|Boat People SOS, Inc.||$392,000||Public Computer Centers|
|City of Williamstown, Kentucky||$535,308||Infrastructure|
|Commonwealth of Kentucky Office of Technology||$5,302,717||Broadband Data & Development|
|Communication Service for the Deaf, Inc.||$14,988,657||Sustainable Adoption|
|Kentucky Arts, Education & Humanities Cabinet||$1,349,826||Public Computer Centers|
|Louisville-Jefferson County Metro||$743,741||Public Computer Centers|
|One Community||$18,701,771||Sustainable Adoption|
|One Economy Corporation||$28,519,482||Sustainable Adoption|
|University Corporation for Advanced Internet Development||$62,540,162||Infrastructure|
Boat People SOS’s Neighborhood Empowerment and Support through Teamwork project proposes to provide broadband access, training, education, and support for the underserved 7,000-household Vietnamese immigrant and refugee community in South Louisville and the surrounding areas in Jefferson County, Kentucky.
The project will increase local Vietnamese Americans’ access to critical services, improve low literacy levels, and expand job options via training in computer abilities and other relevant job skills. The program also intends to provide a safe place for youth to obtain educational opportunities under the guidance of tutors, and better equip parents to contribute to the education of their children.
The City of Williamstown plans to deploy a high-speed fiber-to-the-home broadband network to unserved and underserved communities south of its existing network in Corinth, and north of its existing network to areas of Grant and Owen counties in northern Kentucky. The project intends to offer broadband speeds up to 10 Mbps and directly connect the three municipal organizations within the service area – Corinth City Hall, the Corinth Water District, and the Corinth Volunteer Fire Department – free of charge. In addition, the project expects to offer broadband Internet access for local consumers, including approximately 680 households and 20 businesses, and spur economic growth and job creation in the region.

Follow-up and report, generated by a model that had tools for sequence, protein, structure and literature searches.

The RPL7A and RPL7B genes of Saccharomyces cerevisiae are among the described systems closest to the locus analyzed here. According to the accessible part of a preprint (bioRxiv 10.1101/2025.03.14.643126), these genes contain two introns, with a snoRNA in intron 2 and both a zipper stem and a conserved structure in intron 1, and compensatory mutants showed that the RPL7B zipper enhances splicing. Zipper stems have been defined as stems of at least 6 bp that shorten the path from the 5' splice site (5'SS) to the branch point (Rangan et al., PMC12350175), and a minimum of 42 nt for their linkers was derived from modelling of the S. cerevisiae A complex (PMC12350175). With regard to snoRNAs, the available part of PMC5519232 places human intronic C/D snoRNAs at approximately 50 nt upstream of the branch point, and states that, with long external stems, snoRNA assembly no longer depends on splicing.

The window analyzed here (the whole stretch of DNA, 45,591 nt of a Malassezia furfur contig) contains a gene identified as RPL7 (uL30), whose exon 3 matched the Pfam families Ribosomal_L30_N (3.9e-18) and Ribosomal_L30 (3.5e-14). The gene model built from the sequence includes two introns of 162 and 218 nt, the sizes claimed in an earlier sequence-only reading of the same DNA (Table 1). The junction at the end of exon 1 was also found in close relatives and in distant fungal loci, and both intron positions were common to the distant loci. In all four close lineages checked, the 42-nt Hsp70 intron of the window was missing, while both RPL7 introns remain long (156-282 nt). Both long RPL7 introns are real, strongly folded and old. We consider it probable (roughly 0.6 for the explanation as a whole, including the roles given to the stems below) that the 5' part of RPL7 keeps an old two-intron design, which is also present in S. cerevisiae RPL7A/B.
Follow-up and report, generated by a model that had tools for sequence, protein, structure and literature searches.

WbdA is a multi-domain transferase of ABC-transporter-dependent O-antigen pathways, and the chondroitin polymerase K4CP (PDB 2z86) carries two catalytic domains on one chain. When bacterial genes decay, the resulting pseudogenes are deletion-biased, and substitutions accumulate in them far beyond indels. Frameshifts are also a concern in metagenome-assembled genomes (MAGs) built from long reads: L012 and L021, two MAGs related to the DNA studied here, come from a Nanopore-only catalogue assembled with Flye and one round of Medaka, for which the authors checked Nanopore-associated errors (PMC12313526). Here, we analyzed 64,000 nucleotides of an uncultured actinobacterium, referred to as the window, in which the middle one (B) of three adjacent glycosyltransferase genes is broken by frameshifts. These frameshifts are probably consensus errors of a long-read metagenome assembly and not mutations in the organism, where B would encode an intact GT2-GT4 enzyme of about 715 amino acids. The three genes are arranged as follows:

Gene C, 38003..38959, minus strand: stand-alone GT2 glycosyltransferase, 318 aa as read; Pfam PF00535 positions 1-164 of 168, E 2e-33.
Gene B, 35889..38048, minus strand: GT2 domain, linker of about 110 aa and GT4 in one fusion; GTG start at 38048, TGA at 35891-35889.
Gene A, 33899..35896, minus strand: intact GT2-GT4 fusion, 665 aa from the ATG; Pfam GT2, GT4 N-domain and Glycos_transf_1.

The Commonwealth did not request support for state broadband capacity building, and will be using its own funds, in combination with planning funds from SBDD round 1, to build a state broadband office. This office, will oversee the planned Technical Assistance Project, which has three primary goals: (1) Re-building community partnerships through the restoration of local planning teams; (2) Developing broadband adoption, usage, and/or impact studies; and (3) Providing technical support and funding to communities with the lowest broadband availability and adoption rates to support them as they reenergize their planning teams and implement their strategic broadband plans.
Data Collection, Integration, and Validation:
This project was originally funded for broadband planning activities and two years of data collection. In September of 2010, this project was amended to extend data collection activities for an additional three years and to identify and implement best practices.
Broadband’s ability to expand educational and employment opportunities is especially meaningful for Americans who are deaf or hard of hearing, a community that faces unique challenges in education and that suffers from a rate of unemployment much higher than the national average. Communication Service for the Deaf, Inc. (CSD) intends to expand broadband adoption among people who are deaf and hard of hearing and provide them with online tools to more fully participate in the digital economy. The project proposes to employ a combination of discounted broadband service and specialized computers, technology training from an online state-of-the art support center customized to the community’s needs, public access to videophones at anchor institutions from coast to coast, and a nationwide outreach initiative. Thousands will gain online access to all the Internet has to offer, including sign language interpreters, captioned video services, and other content and functionalities designed especially to advance their educational, employment, and healthcare interests.